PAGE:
What it takes to win Camera d'Or at Cannes

Anthony Chen saw 8,000 children before he picked child actor Koh Jia Ler (right). Yeo Yann Yann (left) plays Koh's mother in the film.

SINGAPORE - Ilo Ilo director Anthony Chen wanted everything in his award-winning film as real as possible - from the real caning of the child actor to sending interns knocking on 500 doors to search for the perfect flat for the shoot

Yip Wai Yee Koh Jia Ler, the first-time child actor in the award-winning local film Ilo Ilo, was caned for real several times in two takes while shooting a scene.

It is a literal example of how director Anthony Chen cracks the whip to achieve his vision.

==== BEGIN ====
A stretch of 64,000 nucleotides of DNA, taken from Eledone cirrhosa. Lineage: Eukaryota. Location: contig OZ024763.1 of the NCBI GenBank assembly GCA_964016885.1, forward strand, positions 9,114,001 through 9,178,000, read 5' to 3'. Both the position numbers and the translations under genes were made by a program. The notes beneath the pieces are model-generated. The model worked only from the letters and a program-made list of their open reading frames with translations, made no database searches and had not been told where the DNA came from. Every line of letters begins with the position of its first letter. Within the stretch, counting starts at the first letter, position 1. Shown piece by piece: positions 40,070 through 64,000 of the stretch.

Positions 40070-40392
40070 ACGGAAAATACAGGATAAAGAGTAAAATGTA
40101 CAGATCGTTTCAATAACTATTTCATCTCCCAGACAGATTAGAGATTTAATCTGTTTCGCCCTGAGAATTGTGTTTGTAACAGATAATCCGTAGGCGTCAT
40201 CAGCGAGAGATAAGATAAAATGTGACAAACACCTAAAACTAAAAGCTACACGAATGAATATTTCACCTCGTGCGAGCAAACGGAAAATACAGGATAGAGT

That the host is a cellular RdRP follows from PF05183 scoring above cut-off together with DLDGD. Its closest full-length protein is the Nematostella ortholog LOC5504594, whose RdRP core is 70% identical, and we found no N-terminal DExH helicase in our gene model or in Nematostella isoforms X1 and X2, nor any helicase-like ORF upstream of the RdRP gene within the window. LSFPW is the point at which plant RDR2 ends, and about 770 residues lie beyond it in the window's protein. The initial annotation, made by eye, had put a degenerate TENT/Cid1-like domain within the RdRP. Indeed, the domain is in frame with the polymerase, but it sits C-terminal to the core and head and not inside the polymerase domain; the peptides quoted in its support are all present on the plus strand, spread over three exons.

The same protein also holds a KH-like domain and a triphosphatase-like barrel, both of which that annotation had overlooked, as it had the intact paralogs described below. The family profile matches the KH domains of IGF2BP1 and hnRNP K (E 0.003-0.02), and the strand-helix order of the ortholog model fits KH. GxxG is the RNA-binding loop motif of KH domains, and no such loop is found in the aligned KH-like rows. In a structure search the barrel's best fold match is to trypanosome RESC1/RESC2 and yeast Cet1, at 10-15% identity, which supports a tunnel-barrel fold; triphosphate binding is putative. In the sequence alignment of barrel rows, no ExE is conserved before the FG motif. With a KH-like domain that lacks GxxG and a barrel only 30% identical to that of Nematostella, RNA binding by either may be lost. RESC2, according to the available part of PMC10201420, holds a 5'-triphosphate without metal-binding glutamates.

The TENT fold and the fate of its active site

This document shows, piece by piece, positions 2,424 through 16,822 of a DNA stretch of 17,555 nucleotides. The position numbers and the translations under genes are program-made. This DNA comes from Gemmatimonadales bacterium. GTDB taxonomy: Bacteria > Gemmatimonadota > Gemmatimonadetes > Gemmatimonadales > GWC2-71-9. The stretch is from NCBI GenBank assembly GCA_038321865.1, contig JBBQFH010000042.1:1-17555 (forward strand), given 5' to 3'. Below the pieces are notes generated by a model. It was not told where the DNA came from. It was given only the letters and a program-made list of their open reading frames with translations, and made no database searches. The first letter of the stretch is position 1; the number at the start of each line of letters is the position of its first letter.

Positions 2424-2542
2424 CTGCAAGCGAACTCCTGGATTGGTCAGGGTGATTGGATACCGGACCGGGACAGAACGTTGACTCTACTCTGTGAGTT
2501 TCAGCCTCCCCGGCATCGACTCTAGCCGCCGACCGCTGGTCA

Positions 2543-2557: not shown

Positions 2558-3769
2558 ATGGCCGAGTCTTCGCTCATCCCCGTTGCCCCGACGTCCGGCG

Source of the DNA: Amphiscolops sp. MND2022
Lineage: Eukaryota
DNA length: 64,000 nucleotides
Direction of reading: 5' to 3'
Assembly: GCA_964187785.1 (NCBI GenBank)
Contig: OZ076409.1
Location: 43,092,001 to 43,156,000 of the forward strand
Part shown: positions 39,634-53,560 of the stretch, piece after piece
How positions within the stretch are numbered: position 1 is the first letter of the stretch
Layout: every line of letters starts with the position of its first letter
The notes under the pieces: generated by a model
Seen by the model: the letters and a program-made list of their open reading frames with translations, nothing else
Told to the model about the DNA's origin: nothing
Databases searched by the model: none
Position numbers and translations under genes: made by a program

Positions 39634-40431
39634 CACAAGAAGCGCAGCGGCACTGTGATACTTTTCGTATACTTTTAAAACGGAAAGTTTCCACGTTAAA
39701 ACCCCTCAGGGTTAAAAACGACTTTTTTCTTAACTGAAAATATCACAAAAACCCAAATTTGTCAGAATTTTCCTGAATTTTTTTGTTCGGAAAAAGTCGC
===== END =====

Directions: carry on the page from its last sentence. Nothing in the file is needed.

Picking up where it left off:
Says Jia Ler, 12, whose mother was fine with the caning since she used to cane him when he was younger: "Anthony talked to me about it and I was fine with it. It was painful, but it's okay, because I know he wants everything as real as possible. The caning is just a small thing to me.

"I was much more scared of the chicken," he says, referring to another scene where he had to carry a live chicken in his arms.

"I am really very, very scared of chickens, but Anthony told me to overcome my fear and just try my best to do the scene. Whenever I could not do a scene, he would come over and teach me."

From real caning to real chickens, Chen knows what he wants in his films and will not budge until he achieves it. Such an uncompromising artistic stance has reaped rich dividends for him.

Ilo Ilo won him the prestigious Camera d'Or for best debut feature film at Cannes Film Festival last Sunday.

It is the highest honour a local film-maker has ever received. In 2007, Chen had won a Special Mention Award at Cannes for his short film, Ah Ma (Grandma, 2006).

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